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How to organize your own campus visit?


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Hello all!


Since I can't make it any of the official campus visit dates that schools have set up for accepted students, I have to organize my own campus visits all across the country. I've set up the dates and transportation - now I just have to schedule meetings with professors and grad students. I'd appreciate any suggestions on how to go about this, considering that I don't know what to expect at a visit! 


In one situation, a professor has offered to meet with me around noon. Two other professors who cc'd one another on an email said they were also available to meet with me. I'm wondering if I should simply invite the three of them to have lunch - this would be great for getting to know how they interact, as well as for defusing any shyness on my part. But then I'd also like time to meet with them individually to ask about mentorship styles, etc. Is it too brazen to just email all three of them and suggest this?


Should I do the same with grad students - email all the people I'd like to meet with in a group message? Or should I schedule individual chats? I'm also wondering if I should meet with the Director of Graduate Studies, since I notice people have mentioned meeting with them in other posts. What are the benefits of meeting with the DGS, as opposed to just asking questions of profs/students?


Thanks for any advice!

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Usually these meetings are scheduled by a staff member in the department, not between professors and students directly because as you can imagine, it would be a ton of work to track everyone down!


I'm not 100% sure how to ask for help though. When I visited grad schools in 2010 (for Canadian MSc programs), I did not visit during official dates since I wanted to visit during my 2 week reading break (extended break since the Olympics were in town!) so I just emailed a professor at each school I was visiting and said that I would be in town -- would I be able to visit the department? In each case, the professor said they would be glad to host my visit and then set me up with their admin assistant (or the department assistant responsible for grad admits). 


But it might be a little forward for you to email one of these assistants directly and ask them to do work for you as they are likely super busy at this point! My suggestion would be to first reach out to the professor that has already agreed to meet you. You could say that you would like to meet a few other people (profs and students) too, and ask how they suggest you go about that. Hopefully that will lead to them asking an admin assistant to help you with scheduling the rest of your meetings. However, my (sub)field is pretty small -- almost all departments I visited in 2010 and 2012 have < 10 faculty members in the subfield so perhaps in larger departments, maybe getting help with scheduling is not the norm.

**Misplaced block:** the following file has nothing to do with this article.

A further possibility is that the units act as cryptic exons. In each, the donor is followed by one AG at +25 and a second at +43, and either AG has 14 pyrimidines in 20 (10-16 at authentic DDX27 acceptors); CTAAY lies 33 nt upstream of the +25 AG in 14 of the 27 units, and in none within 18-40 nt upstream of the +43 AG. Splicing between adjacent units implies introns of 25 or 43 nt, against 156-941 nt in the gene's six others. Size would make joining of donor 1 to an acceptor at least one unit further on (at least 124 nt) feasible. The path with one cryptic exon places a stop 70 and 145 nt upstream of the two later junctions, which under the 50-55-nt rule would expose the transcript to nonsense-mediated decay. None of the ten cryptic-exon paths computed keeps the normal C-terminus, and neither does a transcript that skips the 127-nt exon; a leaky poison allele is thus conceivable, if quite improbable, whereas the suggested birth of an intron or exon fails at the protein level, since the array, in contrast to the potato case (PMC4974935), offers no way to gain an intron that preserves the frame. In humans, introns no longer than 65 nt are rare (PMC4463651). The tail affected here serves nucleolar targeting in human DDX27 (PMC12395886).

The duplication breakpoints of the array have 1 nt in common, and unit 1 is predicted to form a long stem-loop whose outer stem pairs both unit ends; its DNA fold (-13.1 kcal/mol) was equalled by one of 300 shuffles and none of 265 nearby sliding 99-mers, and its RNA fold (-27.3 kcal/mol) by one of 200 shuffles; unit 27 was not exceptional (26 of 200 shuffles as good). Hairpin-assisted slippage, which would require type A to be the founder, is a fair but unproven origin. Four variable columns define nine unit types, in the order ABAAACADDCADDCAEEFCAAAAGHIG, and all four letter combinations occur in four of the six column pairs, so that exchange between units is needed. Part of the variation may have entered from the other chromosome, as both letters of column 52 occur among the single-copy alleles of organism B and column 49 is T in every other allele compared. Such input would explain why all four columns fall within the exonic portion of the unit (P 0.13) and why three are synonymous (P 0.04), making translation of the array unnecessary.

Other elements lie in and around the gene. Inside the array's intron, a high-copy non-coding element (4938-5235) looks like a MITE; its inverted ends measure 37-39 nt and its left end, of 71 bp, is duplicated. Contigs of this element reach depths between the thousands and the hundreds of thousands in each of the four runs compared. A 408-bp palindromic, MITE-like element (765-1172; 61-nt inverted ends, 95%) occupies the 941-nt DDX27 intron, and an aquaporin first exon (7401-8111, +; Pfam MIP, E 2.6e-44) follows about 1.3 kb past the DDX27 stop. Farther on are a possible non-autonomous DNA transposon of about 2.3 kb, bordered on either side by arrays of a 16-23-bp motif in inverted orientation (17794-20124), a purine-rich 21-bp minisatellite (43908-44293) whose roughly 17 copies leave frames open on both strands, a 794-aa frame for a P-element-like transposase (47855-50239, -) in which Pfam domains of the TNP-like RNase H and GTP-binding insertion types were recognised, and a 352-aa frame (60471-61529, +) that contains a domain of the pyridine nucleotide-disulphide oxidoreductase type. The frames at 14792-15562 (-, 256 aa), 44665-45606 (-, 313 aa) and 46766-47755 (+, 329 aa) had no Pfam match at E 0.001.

If you do schedule meetings yourself, I would do it individually for profs then group-email for grad students. Go in the order of people you would most like to meet and I would suggest you offer a specific time in your email (but invite them to suggest an alternate). That way, if they agree, they can just say yes to your time or "no, I would like X o'clock instead" and the whole exchange can be wrapped up in 3 emails (your first one, their response, your thank you). I find that when working with busy people (e.g. profs) it is much more efficient for both parties to suggest a specific time (but offer flexibility if necessary) so that they can just make a quick yes/no decision instead of a range of times, which usually means more planning is needed so the task might be deferred (and maybe forgotten).


Send the emails in order of people you would most like to meet because if your favourite prof can only make one specific time and you had another person scheduled, you don't want to have to go back and say "sorry need to move you!".


Once you have the profs scheduled, I would group-email many students, e.g. the ones who work for the prof(s) you are meeting and give them all a list of time slots still open and ask them to get back to you if they are interested in meeting with you.

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